Preliminary Drawing for Bones of the Earth series
"Lodge Bay, Labrador 2 - Ice Edge"
Digital Drawing, 800px x 600px
Edges or boundaries mark where one thing ends and another thing starts.
The edge of the ice is the place where liquid water turns solid. An edge is generally not abrupt but rather is created as a process. The changes at the edge of the ice are gradual and are subject to conditions like wind and water current and temperature.
This drawing is another preliminary study for a painting I have underway. The drawing is done in a technique called grisalle, featuring marks of black and white on a gray surface. I like grisaille because it enhances the sense of three-dimensions in the drawing, and because it emphasizes the details the image that I will eventually paint in colors.
Commitment: the state of being emotionally impelled to do something.
My commitment is to making art, loving life and doing well.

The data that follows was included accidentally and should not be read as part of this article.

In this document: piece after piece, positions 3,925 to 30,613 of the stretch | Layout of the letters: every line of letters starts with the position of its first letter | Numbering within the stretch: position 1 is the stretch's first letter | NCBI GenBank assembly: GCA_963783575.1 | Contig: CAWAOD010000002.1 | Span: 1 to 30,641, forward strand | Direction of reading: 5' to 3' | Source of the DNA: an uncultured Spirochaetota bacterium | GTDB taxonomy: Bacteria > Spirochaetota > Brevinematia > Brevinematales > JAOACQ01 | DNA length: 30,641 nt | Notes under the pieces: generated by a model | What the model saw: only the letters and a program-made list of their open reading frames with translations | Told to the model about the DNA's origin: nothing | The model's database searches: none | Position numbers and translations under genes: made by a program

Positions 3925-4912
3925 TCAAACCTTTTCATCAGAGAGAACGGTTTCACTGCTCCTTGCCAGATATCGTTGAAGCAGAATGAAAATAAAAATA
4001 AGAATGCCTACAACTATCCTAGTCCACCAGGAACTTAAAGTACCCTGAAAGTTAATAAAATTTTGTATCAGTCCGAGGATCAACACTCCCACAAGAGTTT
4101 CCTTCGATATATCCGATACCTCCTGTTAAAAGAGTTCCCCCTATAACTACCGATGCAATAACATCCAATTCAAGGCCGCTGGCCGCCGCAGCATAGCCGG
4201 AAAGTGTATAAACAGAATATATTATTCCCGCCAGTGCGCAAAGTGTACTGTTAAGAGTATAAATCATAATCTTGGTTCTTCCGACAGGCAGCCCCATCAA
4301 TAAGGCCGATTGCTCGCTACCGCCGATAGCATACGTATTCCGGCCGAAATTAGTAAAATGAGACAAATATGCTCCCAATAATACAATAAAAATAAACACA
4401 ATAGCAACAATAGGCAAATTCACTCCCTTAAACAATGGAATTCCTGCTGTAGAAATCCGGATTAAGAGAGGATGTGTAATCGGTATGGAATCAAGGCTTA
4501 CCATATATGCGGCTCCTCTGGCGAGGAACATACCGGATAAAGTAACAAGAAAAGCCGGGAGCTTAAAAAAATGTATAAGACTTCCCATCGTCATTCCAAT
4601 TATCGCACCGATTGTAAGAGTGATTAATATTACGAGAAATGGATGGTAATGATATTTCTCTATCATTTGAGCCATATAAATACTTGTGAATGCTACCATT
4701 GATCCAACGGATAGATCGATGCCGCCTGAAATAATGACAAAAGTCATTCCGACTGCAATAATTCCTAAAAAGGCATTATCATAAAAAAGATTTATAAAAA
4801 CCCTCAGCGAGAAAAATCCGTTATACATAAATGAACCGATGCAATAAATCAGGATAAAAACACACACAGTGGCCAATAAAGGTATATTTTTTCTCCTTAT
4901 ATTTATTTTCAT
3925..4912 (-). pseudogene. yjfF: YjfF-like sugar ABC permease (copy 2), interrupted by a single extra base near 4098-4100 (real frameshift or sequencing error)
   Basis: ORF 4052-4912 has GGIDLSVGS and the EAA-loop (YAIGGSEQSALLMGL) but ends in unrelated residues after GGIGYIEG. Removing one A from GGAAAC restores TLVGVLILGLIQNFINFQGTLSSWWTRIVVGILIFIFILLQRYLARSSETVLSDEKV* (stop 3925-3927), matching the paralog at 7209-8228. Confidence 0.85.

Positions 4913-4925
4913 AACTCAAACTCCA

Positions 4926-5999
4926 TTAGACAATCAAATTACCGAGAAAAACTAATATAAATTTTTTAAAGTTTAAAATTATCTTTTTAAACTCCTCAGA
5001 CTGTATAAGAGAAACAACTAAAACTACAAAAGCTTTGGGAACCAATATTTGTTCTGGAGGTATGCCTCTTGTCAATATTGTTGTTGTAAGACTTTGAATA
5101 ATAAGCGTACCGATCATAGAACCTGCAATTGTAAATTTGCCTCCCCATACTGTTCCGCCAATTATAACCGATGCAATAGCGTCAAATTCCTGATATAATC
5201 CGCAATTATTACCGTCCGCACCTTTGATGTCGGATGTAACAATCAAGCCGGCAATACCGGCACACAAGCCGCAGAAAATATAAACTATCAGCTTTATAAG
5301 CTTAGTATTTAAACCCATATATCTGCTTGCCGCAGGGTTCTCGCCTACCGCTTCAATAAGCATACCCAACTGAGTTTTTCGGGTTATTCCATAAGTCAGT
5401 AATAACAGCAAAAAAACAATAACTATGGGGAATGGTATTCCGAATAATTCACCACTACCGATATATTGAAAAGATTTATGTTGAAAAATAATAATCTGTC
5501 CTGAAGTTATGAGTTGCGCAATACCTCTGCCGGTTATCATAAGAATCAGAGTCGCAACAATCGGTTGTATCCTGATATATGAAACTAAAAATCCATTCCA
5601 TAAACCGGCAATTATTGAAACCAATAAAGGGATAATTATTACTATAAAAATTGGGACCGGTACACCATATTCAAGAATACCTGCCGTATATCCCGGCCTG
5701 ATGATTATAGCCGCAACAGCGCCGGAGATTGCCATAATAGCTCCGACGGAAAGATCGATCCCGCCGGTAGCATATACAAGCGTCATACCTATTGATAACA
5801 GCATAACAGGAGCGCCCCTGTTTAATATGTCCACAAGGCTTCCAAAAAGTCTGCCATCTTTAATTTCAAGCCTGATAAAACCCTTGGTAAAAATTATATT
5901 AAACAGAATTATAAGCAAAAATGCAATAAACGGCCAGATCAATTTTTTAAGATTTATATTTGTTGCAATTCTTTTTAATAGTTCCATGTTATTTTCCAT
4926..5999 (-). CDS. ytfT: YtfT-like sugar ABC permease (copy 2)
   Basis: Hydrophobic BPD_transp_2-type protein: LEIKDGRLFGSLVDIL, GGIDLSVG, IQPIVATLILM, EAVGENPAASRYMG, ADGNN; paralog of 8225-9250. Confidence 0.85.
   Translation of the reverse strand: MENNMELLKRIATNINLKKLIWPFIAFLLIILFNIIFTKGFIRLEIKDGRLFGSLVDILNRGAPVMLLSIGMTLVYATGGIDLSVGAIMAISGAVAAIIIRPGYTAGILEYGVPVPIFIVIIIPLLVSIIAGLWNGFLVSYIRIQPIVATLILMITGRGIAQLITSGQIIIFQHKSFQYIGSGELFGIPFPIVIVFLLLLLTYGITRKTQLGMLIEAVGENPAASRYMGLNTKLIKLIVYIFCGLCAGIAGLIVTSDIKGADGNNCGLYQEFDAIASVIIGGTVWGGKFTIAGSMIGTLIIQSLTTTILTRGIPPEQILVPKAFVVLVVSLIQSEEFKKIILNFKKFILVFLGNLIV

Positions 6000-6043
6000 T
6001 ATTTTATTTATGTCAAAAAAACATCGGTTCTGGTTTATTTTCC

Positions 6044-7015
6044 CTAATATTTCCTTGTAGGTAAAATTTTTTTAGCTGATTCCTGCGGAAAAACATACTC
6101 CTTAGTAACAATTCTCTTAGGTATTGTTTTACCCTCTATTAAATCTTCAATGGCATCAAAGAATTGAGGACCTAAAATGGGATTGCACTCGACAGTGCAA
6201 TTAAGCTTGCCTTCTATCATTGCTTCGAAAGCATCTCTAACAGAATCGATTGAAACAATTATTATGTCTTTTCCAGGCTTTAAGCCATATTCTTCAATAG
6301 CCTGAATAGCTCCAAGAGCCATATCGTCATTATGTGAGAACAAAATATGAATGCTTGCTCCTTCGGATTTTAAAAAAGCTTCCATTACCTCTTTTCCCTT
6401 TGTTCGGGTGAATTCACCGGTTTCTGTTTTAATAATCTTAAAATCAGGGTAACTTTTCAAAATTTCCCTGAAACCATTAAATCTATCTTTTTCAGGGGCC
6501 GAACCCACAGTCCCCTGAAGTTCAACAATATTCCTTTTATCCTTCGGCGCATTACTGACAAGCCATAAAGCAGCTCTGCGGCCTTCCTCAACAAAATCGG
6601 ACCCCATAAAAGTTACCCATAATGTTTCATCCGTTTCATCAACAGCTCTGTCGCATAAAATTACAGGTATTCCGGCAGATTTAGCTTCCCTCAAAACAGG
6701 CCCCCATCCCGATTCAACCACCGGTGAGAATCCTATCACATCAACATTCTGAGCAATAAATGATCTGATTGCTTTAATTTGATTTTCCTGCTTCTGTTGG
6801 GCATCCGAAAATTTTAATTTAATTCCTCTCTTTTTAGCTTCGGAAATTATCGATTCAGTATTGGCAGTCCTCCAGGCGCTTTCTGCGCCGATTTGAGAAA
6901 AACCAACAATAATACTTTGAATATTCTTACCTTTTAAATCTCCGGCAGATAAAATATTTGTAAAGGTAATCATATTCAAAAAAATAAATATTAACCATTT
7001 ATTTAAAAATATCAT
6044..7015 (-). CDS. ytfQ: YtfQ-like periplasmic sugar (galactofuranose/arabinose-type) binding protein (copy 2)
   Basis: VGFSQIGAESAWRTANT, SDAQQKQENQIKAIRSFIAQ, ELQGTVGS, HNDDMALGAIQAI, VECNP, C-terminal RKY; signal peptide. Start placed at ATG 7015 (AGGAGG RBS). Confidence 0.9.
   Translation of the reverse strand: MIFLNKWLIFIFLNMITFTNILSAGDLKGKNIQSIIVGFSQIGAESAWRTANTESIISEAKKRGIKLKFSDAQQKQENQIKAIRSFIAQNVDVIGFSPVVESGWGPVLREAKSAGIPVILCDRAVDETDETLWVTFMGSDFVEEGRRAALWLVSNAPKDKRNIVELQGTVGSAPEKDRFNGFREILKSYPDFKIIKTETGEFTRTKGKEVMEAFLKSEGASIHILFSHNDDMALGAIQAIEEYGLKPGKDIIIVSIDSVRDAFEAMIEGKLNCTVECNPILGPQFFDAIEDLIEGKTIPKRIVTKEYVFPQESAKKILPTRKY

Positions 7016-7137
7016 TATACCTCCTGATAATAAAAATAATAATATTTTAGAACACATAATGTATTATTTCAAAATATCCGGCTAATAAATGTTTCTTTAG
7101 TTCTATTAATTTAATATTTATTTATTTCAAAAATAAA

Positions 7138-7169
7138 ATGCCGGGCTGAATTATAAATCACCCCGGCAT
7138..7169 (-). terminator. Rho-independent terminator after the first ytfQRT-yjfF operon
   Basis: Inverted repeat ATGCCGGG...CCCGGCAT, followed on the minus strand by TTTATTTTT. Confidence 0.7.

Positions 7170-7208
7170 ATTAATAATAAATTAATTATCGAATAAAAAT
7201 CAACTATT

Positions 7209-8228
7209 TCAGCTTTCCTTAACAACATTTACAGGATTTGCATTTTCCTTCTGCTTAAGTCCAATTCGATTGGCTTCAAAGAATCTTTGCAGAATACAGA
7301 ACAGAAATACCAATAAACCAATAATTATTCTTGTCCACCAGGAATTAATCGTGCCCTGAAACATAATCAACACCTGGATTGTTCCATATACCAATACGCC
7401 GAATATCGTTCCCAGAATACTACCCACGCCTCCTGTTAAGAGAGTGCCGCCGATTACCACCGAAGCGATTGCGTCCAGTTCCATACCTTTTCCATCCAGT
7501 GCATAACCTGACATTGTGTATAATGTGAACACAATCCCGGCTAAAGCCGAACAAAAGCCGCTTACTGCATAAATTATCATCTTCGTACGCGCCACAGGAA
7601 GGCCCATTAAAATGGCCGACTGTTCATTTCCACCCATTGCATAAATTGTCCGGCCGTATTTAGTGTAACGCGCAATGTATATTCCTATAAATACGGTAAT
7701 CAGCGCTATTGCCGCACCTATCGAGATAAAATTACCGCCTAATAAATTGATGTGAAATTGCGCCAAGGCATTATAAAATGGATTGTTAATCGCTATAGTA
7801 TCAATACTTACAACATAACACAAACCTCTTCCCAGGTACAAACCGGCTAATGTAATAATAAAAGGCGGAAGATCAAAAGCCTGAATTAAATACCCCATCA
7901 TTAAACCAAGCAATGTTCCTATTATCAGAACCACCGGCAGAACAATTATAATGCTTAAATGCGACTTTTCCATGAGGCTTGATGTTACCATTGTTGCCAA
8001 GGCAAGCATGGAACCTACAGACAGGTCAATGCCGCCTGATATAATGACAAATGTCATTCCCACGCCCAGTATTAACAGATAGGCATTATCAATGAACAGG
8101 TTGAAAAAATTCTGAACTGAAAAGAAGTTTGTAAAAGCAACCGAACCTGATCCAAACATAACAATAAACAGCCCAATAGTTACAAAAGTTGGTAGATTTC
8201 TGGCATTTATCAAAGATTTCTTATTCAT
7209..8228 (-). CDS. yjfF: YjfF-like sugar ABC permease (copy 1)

Daily Artworks... my continuing challenge for 2015: Observe and record. Record and observe. And stretch - s-t-r-e-t-c-h - myself.
What will I discover?
Saturday, November 12, 2011
Preliminary Drawing - Lodge Bay 2 - Ice Edge
Labels: art every day month, Bones of the Earth, digital drawing, grisaille, ice, Labrador Landscape, Lodge Bay, Mavis Penney, Pinware, preliminary drawing, reflections, texture, Thaw, value
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- ► 2014 (206)
- Value Study - Summer Flowers: Clintonia
- Texture Study - Rocks, Ripples and Refractions
- Texture Study - Toad in a Jar
- Preliminary Drawing - Lodge Bay 2 - Ice Edge
- Preliminary Drawing - Lodge Bay - November Thaw
- Preliminary Drawing - Pinware River 5 - Rocky Text...
- Preliminary Drawing - Pinware River 4 - Value Sketch
- Preliminary Drawing - Pinware River 3 -Rapids
- Preliminary Drawing - Pinware River 2 - Waterfall
- Preliminary Drawing - Pinware River 1
- ▼ November (10)
How brilliant. Like the idea of this technique.
We must look after our edges, especially the icy ones...they are rather vulnerable these days.
Thanks for your reminder about our need to look after our edges, icy, vulnerable and otherwise - I agree. I also think we need to be aware of the processes - all sorts of processes - that set our boundaries in place.
Watching the ice edge move, grow and fall away, is fascinating. But not always safe.
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